Time: Our Precious Resource

Business seems to be a plague of our current society. Despite modern conveniences and technology, once thought to be the key to a more leisurely lifestyle, time seems to be in shorter and shorter supply and we think we have to keep moving faster (I know I certainly do!). People (myself included) seem to boast about being busy, as if having 112 e-mails to answer, or only getting six hours of sleep, was a sign of success.

The starting point of time management is for you to determine your goals, and then to organize your goals by priority and value.
— Brian Tracy

Time is a precious resource and we need to reflect on how we use it. Do we manage our time wisely? There are many time management models, but over the years, I’ve always loved Stephen Covey’s model of time management, described in his books, The 7 Habits of Highly Effective People and First Things First. He talks about the difference between “urgent” and “important.” We respond to urgent matters all day long and keep up an urgent time schedule, and are driven by urgency, but we don’t do the things that are important – that are, in fact, vital to our happiness.

According to Covey, the important things that we typically don’t allow ourselves time to do include: improving our communication with the people in our lives, taking better care of ourselves, personal development and personal empowerment, seizing new opportunities, and better planning and organizing. For example, when we don’t focus on our communication – with a spouse, children, family, friends, fellow workers, etc. – there’s a string of negative consequences, and there’s a BIG, if sometimes not immediately obvious, effect on happiness.

Like chemical abuse, says Covey, urgency is an addiction. It’s like taking a painkiller and then using it in excess. Then what happens is that we don’t make choices and decisions; urgency makes those choices and decisions for us. Which means we need to get off the urgency treadmill. We need to think carefully about what is truly important that we’re not doing and who is truly important that we’re not spending time with. Shandel Slaten from True Life Coaching has a great call-in class (Life 101) that can help you identify what your values are and what is truly important to you. We have to say “no” to the urgency and “yes” to the vital, meaningful, life-giving things that make us truly happy.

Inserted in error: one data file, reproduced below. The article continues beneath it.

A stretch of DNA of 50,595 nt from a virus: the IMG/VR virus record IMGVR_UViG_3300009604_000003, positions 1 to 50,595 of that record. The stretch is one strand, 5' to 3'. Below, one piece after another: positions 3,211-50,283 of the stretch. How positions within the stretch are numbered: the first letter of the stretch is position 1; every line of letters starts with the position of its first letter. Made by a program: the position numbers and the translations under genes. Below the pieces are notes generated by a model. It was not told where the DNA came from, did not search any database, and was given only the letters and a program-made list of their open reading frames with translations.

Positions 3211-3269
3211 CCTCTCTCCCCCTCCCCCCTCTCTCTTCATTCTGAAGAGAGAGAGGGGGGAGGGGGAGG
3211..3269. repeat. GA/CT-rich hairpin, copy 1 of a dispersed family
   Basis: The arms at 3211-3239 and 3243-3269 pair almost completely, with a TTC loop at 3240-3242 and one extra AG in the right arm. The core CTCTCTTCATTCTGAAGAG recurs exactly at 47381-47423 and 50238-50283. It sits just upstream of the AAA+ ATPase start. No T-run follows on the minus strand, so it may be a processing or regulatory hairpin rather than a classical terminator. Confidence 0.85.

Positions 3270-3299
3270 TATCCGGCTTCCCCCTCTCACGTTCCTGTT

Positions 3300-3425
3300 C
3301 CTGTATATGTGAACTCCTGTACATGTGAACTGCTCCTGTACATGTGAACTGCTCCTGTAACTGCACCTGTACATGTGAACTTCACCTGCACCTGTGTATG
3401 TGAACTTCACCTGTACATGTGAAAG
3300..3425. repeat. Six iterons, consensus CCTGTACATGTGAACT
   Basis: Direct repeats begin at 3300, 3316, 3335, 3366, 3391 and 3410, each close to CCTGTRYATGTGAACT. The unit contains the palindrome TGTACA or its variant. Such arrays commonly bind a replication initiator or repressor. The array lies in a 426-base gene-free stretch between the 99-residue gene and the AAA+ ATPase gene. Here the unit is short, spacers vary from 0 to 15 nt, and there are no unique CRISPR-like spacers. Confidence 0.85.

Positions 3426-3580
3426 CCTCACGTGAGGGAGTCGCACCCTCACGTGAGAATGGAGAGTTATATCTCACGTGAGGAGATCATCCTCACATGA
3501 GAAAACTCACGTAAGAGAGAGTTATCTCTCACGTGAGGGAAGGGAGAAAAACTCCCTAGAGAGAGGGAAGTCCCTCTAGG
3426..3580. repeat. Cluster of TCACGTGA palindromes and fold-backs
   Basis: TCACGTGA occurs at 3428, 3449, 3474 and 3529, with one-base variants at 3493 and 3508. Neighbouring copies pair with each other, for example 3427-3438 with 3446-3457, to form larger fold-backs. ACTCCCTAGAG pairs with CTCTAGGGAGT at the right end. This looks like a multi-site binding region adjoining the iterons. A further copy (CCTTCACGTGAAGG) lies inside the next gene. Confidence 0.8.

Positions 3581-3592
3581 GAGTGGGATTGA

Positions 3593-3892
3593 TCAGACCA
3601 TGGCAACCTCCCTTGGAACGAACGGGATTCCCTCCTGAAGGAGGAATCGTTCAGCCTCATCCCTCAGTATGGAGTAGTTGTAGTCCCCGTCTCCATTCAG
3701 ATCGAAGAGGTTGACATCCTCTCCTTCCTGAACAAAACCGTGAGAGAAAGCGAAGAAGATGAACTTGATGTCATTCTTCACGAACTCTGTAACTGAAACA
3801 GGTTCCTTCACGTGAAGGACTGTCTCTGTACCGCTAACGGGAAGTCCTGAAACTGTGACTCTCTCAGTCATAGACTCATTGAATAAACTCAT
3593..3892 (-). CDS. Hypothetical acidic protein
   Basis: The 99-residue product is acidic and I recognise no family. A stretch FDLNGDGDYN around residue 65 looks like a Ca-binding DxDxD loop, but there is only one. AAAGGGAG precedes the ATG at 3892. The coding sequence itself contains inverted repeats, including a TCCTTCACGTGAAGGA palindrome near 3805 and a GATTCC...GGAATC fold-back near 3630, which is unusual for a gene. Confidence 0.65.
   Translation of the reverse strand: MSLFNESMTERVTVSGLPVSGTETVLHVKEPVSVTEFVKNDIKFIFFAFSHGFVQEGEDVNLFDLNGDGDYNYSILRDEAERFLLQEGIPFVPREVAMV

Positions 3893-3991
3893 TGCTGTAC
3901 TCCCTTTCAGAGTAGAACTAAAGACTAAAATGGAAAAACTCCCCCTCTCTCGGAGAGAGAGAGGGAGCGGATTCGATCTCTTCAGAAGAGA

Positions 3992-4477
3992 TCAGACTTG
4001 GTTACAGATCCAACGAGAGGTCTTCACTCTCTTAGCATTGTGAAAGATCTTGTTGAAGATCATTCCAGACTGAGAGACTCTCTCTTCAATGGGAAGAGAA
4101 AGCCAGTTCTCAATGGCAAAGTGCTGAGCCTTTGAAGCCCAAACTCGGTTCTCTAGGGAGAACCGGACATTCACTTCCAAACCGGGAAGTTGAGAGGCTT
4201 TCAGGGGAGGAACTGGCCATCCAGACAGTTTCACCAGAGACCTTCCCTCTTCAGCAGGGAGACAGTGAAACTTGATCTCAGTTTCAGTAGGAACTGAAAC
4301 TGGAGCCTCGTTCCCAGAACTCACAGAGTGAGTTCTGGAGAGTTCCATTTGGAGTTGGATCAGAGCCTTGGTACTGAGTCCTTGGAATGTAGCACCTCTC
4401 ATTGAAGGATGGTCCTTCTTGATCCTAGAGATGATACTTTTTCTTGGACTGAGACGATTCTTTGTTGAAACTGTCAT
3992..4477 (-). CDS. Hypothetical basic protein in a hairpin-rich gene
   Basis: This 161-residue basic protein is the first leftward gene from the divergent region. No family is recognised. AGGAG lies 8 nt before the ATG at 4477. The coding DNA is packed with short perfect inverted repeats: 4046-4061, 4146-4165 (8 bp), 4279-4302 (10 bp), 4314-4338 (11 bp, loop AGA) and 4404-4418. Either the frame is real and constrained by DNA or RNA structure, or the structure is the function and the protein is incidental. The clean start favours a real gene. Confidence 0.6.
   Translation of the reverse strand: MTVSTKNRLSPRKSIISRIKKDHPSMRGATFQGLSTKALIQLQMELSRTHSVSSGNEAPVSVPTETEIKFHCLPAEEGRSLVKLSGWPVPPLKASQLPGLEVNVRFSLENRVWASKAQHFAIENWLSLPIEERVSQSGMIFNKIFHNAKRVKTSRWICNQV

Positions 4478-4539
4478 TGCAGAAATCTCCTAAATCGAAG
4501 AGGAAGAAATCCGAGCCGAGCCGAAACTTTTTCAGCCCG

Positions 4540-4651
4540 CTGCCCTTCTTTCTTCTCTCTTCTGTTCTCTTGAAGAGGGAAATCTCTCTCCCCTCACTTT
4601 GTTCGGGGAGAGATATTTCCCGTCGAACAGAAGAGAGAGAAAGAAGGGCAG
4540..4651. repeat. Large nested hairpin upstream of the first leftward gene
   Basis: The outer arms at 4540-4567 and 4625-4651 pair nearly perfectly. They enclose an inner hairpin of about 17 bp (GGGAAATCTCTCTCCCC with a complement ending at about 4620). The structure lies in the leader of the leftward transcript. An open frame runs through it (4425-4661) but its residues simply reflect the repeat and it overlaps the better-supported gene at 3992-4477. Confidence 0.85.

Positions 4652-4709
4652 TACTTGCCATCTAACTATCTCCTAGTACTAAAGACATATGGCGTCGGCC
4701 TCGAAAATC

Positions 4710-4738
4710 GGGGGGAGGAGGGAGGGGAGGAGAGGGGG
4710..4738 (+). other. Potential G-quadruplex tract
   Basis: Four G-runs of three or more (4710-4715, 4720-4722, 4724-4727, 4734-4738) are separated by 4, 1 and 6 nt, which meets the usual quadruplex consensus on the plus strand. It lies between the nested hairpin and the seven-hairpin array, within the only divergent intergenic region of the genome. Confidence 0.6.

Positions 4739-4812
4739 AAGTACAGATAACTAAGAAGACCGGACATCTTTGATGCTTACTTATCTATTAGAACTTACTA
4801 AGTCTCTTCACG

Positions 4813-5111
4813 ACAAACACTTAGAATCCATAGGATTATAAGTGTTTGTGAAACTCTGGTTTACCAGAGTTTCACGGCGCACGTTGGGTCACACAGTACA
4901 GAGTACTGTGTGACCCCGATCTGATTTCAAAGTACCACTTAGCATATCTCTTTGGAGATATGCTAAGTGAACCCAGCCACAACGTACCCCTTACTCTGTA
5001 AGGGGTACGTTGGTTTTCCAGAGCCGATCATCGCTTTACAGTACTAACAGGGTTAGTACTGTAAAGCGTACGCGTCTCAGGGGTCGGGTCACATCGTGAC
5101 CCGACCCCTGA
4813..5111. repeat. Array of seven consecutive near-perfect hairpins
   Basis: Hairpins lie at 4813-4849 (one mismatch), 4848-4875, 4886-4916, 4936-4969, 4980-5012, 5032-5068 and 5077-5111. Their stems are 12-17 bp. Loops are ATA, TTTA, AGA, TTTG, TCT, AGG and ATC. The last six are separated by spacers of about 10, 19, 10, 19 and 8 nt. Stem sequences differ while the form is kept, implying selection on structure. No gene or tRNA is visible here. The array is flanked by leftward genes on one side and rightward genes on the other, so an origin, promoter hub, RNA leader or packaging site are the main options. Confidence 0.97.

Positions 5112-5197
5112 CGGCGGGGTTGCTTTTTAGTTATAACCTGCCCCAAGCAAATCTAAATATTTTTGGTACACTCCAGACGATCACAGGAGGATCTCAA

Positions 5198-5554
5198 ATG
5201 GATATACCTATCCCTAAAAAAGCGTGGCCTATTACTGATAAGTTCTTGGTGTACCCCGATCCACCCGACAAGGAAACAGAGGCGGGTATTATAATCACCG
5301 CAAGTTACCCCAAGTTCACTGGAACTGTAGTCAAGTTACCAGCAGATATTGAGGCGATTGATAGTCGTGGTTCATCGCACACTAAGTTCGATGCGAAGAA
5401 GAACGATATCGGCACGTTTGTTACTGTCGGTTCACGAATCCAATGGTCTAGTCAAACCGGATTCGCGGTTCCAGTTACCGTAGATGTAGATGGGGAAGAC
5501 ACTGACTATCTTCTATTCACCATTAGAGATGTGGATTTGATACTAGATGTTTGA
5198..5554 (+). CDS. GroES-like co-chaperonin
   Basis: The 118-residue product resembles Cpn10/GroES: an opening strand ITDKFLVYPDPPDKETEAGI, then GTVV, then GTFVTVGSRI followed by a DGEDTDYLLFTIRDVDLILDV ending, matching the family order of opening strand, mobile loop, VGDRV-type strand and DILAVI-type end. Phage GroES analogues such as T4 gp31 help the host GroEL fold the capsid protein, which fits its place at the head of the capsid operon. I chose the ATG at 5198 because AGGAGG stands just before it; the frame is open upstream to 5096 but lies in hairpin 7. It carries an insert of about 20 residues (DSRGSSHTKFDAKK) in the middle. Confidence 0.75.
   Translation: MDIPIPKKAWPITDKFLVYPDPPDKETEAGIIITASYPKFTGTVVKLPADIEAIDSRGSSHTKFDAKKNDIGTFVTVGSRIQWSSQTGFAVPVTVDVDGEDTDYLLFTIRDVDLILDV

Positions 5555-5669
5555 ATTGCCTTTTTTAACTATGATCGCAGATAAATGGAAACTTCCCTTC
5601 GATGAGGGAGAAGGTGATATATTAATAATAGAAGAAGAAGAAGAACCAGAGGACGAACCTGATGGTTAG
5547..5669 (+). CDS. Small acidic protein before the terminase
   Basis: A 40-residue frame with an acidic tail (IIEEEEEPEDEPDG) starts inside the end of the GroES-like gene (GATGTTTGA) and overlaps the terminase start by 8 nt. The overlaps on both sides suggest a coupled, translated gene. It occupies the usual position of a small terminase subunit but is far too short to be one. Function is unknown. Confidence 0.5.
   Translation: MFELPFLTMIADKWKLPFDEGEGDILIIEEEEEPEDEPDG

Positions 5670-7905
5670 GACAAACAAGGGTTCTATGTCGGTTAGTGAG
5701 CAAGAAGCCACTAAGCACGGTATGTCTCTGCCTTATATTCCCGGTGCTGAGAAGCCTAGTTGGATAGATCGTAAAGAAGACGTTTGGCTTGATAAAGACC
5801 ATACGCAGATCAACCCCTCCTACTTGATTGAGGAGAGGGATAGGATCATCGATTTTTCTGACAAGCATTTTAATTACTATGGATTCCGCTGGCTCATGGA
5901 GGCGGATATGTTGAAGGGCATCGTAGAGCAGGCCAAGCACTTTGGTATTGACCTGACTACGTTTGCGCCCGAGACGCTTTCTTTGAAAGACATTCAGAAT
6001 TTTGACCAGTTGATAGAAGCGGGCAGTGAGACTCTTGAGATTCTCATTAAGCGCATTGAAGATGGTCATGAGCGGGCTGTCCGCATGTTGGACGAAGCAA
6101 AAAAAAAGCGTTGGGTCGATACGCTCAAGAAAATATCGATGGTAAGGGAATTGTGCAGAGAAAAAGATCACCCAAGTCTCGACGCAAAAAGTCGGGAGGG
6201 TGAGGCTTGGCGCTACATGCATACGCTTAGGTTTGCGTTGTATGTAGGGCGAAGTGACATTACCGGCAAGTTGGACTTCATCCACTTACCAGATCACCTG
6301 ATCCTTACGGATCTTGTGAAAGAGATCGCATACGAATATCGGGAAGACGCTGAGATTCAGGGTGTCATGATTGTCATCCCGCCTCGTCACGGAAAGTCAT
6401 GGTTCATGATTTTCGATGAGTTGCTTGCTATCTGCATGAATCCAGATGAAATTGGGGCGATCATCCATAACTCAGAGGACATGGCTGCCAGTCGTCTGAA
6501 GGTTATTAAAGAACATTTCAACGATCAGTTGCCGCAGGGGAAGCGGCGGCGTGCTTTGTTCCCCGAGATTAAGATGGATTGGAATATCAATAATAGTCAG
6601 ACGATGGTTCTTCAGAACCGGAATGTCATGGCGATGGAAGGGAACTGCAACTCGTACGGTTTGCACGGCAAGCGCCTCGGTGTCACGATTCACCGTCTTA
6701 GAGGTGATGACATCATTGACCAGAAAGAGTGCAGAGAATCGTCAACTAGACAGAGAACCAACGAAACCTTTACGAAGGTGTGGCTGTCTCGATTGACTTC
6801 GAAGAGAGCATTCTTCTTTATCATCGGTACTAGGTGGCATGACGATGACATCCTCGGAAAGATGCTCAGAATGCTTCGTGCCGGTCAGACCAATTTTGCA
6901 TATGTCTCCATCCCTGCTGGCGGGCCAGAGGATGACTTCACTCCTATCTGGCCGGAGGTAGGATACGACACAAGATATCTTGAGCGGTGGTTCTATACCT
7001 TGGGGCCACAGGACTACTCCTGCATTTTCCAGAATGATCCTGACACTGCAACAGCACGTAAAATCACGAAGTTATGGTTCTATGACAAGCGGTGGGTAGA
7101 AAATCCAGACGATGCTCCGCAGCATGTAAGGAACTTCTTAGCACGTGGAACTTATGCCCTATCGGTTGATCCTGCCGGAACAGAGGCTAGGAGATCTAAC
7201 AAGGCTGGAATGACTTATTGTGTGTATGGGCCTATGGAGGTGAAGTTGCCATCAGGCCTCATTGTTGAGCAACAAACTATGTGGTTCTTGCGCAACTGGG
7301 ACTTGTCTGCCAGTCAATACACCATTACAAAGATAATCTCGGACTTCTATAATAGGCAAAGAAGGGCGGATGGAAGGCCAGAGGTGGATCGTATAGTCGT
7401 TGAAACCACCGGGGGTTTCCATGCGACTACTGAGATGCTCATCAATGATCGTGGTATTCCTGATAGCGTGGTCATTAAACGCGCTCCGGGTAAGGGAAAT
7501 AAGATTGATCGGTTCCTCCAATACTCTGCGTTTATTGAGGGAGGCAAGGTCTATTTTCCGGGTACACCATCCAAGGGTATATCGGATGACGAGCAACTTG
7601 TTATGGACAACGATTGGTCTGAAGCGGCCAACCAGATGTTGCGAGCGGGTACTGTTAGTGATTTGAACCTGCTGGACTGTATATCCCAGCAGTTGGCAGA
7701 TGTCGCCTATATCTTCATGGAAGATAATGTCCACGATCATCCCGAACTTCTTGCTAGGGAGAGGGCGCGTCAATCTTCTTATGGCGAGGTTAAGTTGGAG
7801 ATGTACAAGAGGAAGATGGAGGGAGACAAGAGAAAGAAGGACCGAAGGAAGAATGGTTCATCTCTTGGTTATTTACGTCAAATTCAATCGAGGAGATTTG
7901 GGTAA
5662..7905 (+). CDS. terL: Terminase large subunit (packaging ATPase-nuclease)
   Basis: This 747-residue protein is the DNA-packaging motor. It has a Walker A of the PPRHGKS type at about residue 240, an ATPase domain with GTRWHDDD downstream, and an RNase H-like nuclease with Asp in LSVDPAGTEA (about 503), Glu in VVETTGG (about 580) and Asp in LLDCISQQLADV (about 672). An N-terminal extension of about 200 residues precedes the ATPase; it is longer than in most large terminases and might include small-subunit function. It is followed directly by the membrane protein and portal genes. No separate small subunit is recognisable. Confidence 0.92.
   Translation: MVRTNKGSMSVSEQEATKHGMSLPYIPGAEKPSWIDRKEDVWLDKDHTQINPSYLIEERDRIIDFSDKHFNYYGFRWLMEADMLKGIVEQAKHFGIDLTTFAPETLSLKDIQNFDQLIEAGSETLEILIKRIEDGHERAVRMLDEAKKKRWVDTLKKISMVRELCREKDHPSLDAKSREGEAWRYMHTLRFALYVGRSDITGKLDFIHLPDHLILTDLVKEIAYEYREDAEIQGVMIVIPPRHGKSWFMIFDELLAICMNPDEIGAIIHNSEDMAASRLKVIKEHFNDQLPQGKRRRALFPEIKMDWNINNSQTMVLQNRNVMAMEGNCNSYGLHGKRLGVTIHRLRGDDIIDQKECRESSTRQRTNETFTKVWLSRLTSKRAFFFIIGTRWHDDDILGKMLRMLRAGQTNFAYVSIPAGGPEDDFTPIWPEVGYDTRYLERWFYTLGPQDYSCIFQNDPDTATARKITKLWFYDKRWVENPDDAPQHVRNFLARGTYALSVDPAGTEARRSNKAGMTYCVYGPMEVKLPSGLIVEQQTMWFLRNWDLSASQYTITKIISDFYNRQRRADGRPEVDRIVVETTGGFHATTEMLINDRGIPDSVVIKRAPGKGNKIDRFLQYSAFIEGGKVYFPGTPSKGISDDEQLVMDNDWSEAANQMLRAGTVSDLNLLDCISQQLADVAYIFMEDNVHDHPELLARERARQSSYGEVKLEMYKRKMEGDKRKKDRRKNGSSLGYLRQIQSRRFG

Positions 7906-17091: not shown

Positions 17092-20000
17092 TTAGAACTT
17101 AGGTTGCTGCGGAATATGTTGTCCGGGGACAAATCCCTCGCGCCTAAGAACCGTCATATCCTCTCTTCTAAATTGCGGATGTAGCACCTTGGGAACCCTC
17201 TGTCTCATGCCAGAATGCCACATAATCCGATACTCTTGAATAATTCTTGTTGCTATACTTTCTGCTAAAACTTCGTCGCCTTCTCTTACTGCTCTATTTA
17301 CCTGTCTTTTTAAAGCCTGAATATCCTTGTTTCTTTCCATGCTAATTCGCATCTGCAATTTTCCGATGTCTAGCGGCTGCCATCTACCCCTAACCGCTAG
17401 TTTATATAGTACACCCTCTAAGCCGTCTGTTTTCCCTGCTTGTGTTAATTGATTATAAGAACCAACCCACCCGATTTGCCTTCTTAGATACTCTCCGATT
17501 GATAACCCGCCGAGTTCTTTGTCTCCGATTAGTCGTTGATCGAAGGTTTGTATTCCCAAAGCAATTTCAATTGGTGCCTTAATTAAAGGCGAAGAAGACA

Opportunities are around you all the time. There is never a boat that you must catch. There is always another boarding.
— Michael Argyle

And there may be other things we may need to say “no” to besides urgency. Our time is a precious and a limited resource. “No” is an important part of our vocabulary, and essential for self-care. Jack Canfield in The Success Principles recommends a “Just Say No” list. I have one of those lists and while it doesn’t make everything all perfect and easy for me to whittle down my to-do list, it certainly helps.

We have the slow food movement; now we need the slow time movement. What slows time for you? Some people meditate or join meditation groups to slow themselves down and cultivate awareness. Some people do yoga. Some people walk in the forest or by the ocean to get back in touch with the rhythm of the universe.

Trying to add “slow time” to my life, I’ve added yoga and meditation time in my morning routine. I get up 15 minutes earlier and do a quick set of five “Sun Salutations” (don’t know what a sun salutation is? Click here for a quick YouTube video explanation) and then focus on my goals for the year ending with an easy daily meditation reading. This morning time seems to help me focus on my day and reviewing why I do what I do before the day really starts. It is a great motivator and reminder.

Whatever you do to add more quality time in your day, feel good knowing that quality time pursuing activities that mirror your life values increase the level of happiness you feel on a daily basis.